Why brands should invest in their Amazon product pages
In Amazon’s vast sea of retailers, the product page doubles as both the point of purchase and a brand’s online storefront on the marketplace. It’s also an opportunity to shine.
When a customer is researching a purchase on Amazon, the website provides run-of-the-mill product detail and reviews. The “From the Manufacturer” section of the product page, however, is where the brand gets to speak to the consumer — and the more detailed and creative a brand gets, the better.
Putting extra information directly on the screen that customers are about to buy from helps brands set themselves apart on Amazon, according to L2’s Samuel Lee, who led the research for the 2015 Digital IQ Index study for food brands.
L2 found that 65 percent of brands on Amazon, including Campbell’s, Nestlé Coffee-mate and McCormick, create rich product descriptions, using enhanced images, videos, colorful wording and more.
“It sounds simple on the surface, but you’d be surprised by how many brands don’t think to do that,” said Lee. While Lee said Amazon doesn’t break out data on user engagement per product page, the number of user reviews on a product, indicating interest, directly correlates with how much a brand has invested in its product descriptions.
Coffee-mate, owned by Nestlé, shares recipes on its product pages; for Coffee-mate’s French Vanilla creamer, the brand lists how to make drinks like an iced vanilla chai and a vanilla frappé. According to L2’s study that charted the digital IQ of leading food brands, promoting recipes was found to be more lucrative than promoting products due to their influence on the path to purchase.
Spice brand McCormick’s product page for vanilla extract shares one recipe, the company’s brand story (which dates back 125 years) and shares photos of each product’s SKU and nutrition labels, which L2 said can make the consumer more confident when buying online.
“Anything that can capture the consumer’s attention is what counts,” said Lee. “It’s the little things that set a brand apart from the rest of the pack somewhere like Amazon. More and better pictures are a good place to start — whatever makes the product stick out.”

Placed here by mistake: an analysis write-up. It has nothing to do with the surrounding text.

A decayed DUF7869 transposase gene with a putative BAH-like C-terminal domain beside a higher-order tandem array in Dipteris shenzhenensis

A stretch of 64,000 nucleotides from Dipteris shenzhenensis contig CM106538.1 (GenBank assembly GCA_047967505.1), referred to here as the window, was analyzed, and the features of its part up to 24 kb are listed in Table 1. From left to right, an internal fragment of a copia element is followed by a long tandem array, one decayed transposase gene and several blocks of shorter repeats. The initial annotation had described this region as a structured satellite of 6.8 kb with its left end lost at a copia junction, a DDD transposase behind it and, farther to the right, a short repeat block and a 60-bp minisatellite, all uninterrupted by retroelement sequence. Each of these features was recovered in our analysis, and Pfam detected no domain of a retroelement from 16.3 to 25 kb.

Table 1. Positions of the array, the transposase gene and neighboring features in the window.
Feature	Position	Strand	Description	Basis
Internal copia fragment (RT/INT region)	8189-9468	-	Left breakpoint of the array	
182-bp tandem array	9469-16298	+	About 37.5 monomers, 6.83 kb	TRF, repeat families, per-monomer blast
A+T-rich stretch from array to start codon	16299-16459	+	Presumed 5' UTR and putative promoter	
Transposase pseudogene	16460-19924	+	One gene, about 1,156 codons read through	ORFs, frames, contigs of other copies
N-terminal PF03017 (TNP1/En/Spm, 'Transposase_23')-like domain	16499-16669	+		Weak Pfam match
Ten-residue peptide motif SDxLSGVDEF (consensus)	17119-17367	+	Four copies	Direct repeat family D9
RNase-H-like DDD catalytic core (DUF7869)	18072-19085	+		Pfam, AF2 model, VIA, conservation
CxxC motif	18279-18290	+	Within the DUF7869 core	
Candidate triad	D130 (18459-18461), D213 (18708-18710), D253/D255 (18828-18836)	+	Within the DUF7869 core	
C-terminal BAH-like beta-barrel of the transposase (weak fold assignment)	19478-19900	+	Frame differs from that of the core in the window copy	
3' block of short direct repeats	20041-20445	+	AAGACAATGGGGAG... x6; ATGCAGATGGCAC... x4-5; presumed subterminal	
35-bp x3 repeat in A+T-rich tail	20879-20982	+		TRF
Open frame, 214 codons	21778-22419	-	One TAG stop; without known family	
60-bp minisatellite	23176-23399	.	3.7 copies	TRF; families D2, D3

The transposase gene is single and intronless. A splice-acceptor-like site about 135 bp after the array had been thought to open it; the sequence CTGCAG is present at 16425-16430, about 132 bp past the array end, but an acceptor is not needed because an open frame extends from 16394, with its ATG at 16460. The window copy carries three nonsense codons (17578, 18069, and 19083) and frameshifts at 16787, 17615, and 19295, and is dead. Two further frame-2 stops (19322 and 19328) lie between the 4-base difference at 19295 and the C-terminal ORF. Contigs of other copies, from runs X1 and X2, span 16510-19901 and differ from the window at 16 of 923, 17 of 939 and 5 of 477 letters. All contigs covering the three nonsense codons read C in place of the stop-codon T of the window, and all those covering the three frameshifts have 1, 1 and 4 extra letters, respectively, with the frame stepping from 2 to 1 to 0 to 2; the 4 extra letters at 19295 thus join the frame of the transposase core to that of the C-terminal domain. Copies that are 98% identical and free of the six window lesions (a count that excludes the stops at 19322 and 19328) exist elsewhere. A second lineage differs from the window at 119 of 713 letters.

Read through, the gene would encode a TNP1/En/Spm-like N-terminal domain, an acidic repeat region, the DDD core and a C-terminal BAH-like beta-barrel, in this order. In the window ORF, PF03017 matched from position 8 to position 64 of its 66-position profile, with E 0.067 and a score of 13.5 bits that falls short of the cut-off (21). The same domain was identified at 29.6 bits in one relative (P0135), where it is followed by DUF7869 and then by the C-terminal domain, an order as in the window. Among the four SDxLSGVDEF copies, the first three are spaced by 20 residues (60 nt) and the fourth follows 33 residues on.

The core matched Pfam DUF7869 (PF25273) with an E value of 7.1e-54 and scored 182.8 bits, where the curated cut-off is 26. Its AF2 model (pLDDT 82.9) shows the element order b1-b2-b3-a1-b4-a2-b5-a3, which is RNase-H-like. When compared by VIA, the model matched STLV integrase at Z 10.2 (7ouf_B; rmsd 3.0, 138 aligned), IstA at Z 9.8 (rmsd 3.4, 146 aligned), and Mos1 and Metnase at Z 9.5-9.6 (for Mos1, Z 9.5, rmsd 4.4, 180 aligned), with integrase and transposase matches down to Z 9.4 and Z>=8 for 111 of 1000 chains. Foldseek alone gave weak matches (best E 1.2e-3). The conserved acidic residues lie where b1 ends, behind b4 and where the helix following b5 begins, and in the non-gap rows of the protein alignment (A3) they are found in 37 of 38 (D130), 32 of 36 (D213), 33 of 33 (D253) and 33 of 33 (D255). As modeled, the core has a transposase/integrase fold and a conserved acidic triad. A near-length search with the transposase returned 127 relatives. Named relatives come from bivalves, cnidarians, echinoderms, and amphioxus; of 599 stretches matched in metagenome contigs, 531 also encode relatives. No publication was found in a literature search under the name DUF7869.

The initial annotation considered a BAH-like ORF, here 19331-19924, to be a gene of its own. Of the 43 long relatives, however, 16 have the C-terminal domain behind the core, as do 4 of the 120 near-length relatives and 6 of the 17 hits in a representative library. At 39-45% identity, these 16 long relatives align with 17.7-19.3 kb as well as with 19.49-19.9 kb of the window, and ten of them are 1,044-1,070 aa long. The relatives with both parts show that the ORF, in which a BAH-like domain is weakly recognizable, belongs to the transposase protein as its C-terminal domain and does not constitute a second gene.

While L2’s study looked at food brands, Lee said the benefits of rich product descriptions — engaging the consumer and driving purchases — could be applied across most consumer-good categories.
In July, Amazon rolled out Amazon Launchpad, a microsite within the marketplace designated for consumer startups. The product pages on Launchpad are designed t0 promote the young companies that created them. Startups, like Casper Mattress and wearable company Pavlok, shared their background story on the page, showed video about their products, and founders answered questions about their company.
Putting such detailed information on the product page makes sense for how customers shop on Amazon. Sucharita Mulpuru-Kodali told Digiday that it isn’t a “browse destination or that much of a discovery engine.” Brands have one chance to influence the customer on Amazon — when they’re at the point of purchase, researching items, not overall companies.
According to Lee, all other consumer categories should adopt the level of detail that Amazon has put into sharing the startup’s stories, because on the website, shoppers aren’t searching brand names, they’re searching for product keywords.
“Best selling products show up at the top of Amazon searches, and besides having a superior product, the best thing a brand can do is put effort into the page they’re putting in front of consumers.”
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